Christianity began as an amazing fellowship that changed the world as Christians prayed and worshiped together, ate together, encouraged each other; they stood firm in one spirit contending for the gospel (Philippians 1:27).

How might we have such fellowship? Locally, NCF can connect member nurses to meet and “Speak to one another with psalms, hymns and spiritual songs… always giving thanks to God” (Ephesians 5:19-20). Regionally, some areas offer events. Nationally, NCF partners with Christian nursing schools for conferences. Individually, NCF communicates through our newsletters, the NCF Blog, and the Journal of Christian Nursing, trying to “admonish one another with all wisdom” (Colossians 3:16).

But is this enough? The apostle Paul longed to visit the Christians in Rome so that they “may be mutually encouraged by each other’s faith” (Romans 1:12). How could we mutually encourage each other’s faith? What if you could share prayer requests and know that a community of nurses would pray for you? What if you could ask questions, share needs, and other Christian nurses would respond?

We want NCF to be an effective fellowship. Will you take this two-minute survey to help us explore ideas for fellowship? Connect with us on Facebook and share. Subscribe to the NCF blog and make comments.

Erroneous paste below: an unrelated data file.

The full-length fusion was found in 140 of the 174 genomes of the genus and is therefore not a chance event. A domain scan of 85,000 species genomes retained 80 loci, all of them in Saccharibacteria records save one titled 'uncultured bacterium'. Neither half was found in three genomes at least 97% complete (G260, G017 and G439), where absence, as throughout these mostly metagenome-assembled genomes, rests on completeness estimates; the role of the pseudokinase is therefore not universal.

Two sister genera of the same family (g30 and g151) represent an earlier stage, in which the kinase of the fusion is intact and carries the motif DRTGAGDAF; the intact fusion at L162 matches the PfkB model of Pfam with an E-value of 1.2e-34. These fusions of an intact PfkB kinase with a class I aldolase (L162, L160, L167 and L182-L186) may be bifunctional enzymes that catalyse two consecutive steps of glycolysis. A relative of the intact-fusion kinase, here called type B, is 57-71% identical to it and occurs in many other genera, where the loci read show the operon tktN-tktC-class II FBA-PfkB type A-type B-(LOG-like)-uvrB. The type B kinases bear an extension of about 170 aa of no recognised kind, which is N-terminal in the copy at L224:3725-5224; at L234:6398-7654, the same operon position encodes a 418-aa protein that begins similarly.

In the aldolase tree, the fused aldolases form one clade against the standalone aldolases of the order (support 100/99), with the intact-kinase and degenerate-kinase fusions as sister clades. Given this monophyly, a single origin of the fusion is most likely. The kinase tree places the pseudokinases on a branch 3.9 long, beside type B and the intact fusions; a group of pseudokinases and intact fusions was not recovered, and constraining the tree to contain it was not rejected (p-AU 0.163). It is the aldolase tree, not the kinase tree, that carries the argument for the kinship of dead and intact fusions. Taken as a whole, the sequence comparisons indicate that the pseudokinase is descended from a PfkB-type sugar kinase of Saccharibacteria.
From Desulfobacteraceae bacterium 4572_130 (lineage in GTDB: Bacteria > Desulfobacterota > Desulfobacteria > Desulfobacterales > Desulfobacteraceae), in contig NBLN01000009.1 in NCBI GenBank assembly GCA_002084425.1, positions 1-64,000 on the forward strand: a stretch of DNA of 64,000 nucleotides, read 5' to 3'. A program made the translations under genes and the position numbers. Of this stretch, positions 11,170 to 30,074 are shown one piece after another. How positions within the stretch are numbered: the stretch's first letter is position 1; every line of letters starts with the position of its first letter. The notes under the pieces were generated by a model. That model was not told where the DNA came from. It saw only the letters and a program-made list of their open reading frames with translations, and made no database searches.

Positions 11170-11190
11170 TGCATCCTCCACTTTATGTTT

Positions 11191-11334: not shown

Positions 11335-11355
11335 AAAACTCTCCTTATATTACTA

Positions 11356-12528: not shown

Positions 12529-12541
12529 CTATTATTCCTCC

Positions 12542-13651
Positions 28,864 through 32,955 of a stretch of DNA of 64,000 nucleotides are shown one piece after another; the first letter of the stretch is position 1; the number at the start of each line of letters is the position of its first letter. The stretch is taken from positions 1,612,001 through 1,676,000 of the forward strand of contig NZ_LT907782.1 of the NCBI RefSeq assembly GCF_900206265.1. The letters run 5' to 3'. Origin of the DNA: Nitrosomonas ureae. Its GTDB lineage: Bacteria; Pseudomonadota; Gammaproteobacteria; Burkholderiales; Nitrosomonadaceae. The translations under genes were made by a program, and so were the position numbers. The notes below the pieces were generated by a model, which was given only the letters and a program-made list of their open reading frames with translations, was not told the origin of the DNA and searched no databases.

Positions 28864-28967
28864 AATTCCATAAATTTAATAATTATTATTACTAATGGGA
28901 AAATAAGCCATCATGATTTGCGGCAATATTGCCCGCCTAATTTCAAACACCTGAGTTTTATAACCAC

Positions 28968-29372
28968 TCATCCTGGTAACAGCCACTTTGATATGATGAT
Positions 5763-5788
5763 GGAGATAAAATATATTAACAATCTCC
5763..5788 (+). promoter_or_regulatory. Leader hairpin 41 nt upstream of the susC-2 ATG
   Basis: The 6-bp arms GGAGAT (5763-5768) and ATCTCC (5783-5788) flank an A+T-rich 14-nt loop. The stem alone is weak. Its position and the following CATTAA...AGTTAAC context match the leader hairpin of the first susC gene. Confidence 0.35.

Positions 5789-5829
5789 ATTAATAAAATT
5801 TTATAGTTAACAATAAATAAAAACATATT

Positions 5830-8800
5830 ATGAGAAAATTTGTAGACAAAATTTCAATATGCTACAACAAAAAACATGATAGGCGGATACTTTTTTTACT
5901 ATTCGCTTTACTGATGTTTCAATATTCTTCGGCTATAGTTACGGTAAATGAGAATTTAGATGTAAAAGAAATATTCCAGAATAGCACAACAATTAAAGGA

Let’s commit to praying for one another, for our fellowship, and discovering how we can “Love each other as I [Christ] have loved you” (John 15:12).

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Kathy Schoonover-Shoffner, PhD, RN
, serves as the National Director of Nurses Christian Fellowship/USA and Editor-in-Chief of Journal of Christian Nursing.


Become a member of NCF and receive Journal of Christian Nursing as a member benefit throughout the year.

God at Work at SDSU

March 8, 2016

382016sdsuKirsten Sakata was nervous about starting a Bible discussion in her nursing school, but got excited when five people came to the first meeting a few weeks ago. The group discussed “Stress in the Life of a Nursing Student” from the What’s Vital? NCF Bible study series.

“God exceeded my expectations! We laughed, shed tears, and had deep conversations. The Lord met every one of us tonight,” Kirsten said. “I can’t wait to have the next meeting.”

Afterward, one of the girls texted Kirsten: “The study went really well. God was definitely in it.” Kirsten sees this as confirmation that God is moving in the nursing department.